Handid Braille Services logo. Three lines of text. The top line is "handid" in braille dots, the middle line is "h&id" and the bottom line is "handid."

Handid Braille Services

Braille Transcription & Printing 

Specializing in braille for non-English languages, including languages that do not use the Latin alphabet.
(We're really good at Unified English Braille too!)

Handid meets requirements for HIPAA and GDPR security and privacy.

A 501(c)(3) non-profit corporation providing accessible media production and printing services to organizations in support of people who are blind and low vision.

Supporting People Who Are Blind and Low Vision, and The People Who Support Them!

Handid is a US-based 501(c)(3) non-profit corporation with a mission to provide braille and other forms of accessible media to organizations with clients who are blind and low-vision, and individuals who read braille. We work with clients globally on all seven continents.

Handid specializes in braille for languages other than English, especially those that use symbol systems other than the Latin alphabet. (We do English too!)

Handid maintains technologies and processes that meet HIPAA and GDPR regulations for security and privacy.

At Handid, our vision is a world where accessible media is always available. Donations are tax-deductible in the USA, and are applied to reduce or remove costs to our individual clients.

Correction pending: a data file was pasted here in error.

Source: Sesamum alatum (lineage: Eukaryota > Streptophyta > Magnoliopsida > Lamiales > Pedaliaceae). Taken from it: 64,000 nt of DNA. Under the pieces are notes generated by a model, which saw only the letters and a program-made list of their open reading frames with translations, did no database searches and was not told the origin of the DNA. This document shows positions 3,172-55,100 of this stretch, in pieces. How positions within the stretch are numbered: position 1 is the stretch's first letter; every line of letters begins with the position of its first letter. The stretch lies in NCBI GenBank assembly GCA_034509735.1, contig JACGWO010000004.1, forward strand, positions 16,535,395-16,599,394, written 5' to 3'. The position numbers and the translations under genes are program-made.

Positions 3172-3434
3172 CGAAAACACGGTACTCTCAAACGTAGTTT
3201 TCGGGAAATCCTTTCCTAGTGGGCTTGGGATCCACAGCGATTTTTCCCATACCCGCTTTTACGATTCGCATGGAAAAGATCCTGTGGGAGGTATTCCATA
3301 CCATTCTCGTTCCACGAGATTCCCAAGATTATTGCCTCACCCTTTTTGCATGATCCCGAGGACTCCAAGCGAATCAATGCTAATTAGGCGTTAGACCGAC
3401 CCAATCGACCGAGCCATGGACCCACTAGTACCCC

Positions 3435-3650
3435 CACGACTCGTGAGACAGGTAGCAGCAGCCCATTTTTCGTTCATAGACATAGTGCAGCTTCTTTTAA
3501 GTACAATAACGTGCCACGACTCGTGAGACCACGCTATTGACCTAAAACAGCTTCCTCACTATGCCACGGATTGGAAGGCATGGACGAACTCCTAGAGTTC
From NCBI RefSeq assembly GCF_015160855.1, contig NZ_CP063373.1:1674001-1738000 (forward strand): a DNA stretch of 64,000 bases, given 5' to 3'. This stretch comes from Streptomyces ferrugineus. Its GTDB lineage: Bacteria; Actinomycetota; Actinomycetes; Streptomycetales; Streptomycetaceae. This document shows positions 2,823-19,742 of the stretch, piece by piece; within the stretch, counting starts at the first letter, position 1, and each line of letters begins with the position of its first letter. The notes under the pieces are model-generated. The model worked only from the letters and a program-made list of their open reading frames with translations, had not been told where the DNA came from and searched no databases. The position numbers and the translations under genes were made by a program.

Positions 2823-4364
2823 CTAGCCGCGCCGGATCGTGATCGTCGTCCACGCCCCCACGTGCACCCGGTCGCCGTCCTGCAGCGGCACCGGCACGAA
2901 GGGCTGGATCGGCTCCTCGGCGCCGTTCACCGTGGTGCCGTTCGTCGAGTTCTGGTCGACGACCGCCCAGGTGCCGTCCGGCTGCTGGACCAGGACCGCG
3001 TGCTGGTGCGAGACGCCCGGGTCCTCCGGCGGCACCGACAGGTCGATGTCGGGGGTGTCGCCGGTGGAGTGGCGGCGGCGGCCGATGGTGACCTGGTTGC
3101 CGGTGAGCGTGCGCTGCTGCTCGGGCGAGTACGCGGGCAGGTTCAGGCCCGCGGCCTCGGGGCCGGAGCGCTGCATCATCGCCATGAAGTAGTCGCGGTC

Our current price sheet for ad-hoc braille transcription is located on the "Services" link at the top of this webpage. Large projects and ongoing work qualify for special pricing. Contact Handid for more information.

Click the "Contact Us" link at the top of this webpage, or send an E-mail to info@handid.org to ask about your project, or to request consultation over your and your patron's needs for braille and accessible media.

A young woman reading from a braille book.

What is Handid up to?

Two of six volumes of braille, transcribed from a print book on Arabic language instruction.

Two of six volumes of braille in Arabic and English, ready for shipment to Arabic language students at a major university in the U.S.A.!

Two women in Islamic clothing at a braille book. One holds the hand of the other as if to guide her in reading the braille book.
Man reading a tactile image of the human alimentary canal
Braille Slate and Stylus
Child being taught to read a tactile image
An activity board in a Boise, Idaho park. Handid produced the stainless steel plates with braille for each tile on the board. (Zoom in to see!)

An activity board in a Boise, Idaho city park. Handid produced the stainless steel braille plates installed at each tile in the board. (Zoom in to see!)

Why Is Braille Transcription Important?


According to the journal "Investigative Ophthalmology & Visual Science," in 2020, 49.1 million individuals globally are blind and 33.6 million experience severe visual difficulties [1]. The National Federation of the Blind reports that almost 7.7 million people in the U.S. population experience blindness or low-vision [2].